Flame on: What’s going on with Johnny and Namorita? Johnny guest-starred in New Warriors vol 2 #3, where he and Namorita accidentally almost crash into each other while flying around NYC. He suggests they meet later, in private. The rest of their relationship between that issue and this one happened off-panel.
Fantastic fifth wheel: Round of applause to Chris Claremont for giving Sharon Ventura’s character arc some proper closure after all the hell she went through during her almost 100 issues with Fantastic Four. I guess she made a home for herself living on the reservation, because she won’t be seen again until the Secret Invasion crossover. She’s one of few Marvel characters who didn’t cameo in Civil War, so we’ll never know if Sharon was on Cap’s side or Iron Man’s side.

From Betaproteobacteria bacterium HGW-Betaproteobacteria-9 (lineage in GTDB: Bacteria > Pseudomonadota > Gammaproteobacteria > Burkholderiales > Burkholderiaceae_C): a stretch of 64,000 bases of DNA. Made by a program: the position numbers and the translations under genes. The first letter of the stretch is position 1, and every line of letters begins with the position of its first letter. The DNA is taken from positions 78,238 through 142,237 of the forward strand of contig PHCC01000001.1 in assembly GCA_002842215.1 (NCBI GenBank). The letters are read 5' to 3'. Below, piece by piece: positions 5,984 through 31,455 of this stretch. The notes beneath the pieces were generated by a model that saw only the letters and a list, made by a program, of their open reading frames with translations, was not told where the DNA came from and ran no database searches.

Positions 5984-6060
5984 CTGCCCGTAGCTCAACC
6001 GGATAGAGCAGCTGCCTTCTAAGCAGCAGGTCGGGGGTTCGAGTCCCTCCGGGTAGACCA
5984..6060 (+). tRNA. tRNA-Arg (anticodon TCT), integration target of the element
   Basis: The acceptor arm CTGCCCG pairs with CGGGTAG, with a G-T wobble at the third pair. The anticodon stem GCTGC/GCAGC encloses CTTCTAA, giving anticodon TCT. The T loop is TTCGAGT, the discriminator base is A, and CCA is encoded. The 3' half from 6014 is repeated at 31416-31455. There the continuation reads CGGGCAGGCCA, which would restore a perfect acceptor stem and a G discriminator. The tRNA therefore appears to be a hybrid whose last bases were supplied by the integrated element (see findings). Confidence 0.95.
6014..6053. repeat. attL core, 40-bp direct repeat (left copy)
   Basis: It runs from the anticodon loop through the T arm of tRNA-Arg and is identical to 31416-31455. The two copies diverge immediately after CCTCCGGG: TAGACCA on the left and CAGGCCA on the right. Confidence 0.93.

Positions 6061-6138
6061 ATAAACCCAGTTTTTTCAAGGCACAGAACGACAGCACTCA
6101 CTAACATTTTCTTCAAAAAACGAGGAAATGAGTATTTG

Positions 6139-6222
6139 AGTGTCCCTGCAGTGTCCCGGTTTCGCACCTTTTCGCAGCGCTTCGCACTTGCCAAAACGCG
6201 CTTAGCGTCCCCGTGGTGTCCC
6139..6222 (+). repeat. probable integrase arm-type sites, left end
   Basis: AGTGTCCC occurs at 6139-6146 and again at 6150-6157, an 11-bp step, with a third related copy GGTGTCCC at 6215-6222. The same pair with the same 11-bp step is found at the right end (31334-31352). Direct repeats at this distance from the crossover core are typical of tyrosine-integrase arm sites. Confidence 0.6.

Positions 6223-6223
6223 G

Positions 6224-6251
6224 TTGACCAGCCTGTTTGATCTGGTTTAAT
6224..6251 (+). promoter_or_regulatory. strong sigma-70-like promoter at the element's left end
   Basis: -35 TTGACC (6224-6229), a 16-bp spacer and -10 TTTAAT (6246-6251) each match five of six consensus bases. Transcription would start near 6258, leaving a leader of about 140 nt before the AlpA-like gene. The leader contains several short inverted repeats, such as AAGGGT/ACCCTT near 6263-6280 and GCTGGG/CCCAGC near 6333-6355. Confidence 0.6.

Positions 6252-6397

Commercial break: You have to read the itty-bitty type at the bottom of the page to learn this is an ad for Bionic Commando.
Trivia time: This is the last of only two appearances of Wyatt Wingfoot’s sister Wynona. There’s a weird bit of continuity where she says her father is a man named Black Eagle, whereas back in vol. 1 issue #51 Wyatt said his father was dead. Most fans hand-wave this by saying that Wynona is actually Wyatt’s stepsister, but this isn’t explicitly stated in the comic.
What’s Galactus’ Punisher robot doing here? The last time we saw the robot was in Silver Surfer vol 3 #17, where it was destroyed after learning to talk (!). The Marvel Wiki says the Wizard “presumably” recovered the robot and rebuilt it. An alternate explanation is that we’ve seen a whole bunch of these robots running around the Marvel Universe, some of which are employed by Galactus and some employed by the alien Rigellians. (Tana Nile from the Daydreamers spinoff miniseries was a Rigellian.)
Fantastic or frightful? After so many overstuffed-plot issues, Chris Claremont writes an old-fashioned good guys versus bad guys superhero romp. It’s a breath of fresh air. And while I respect that a lot of readers dislike Sharon Ventura, I appreciate that Claremont gave the character her moment.
Next: Castle freak.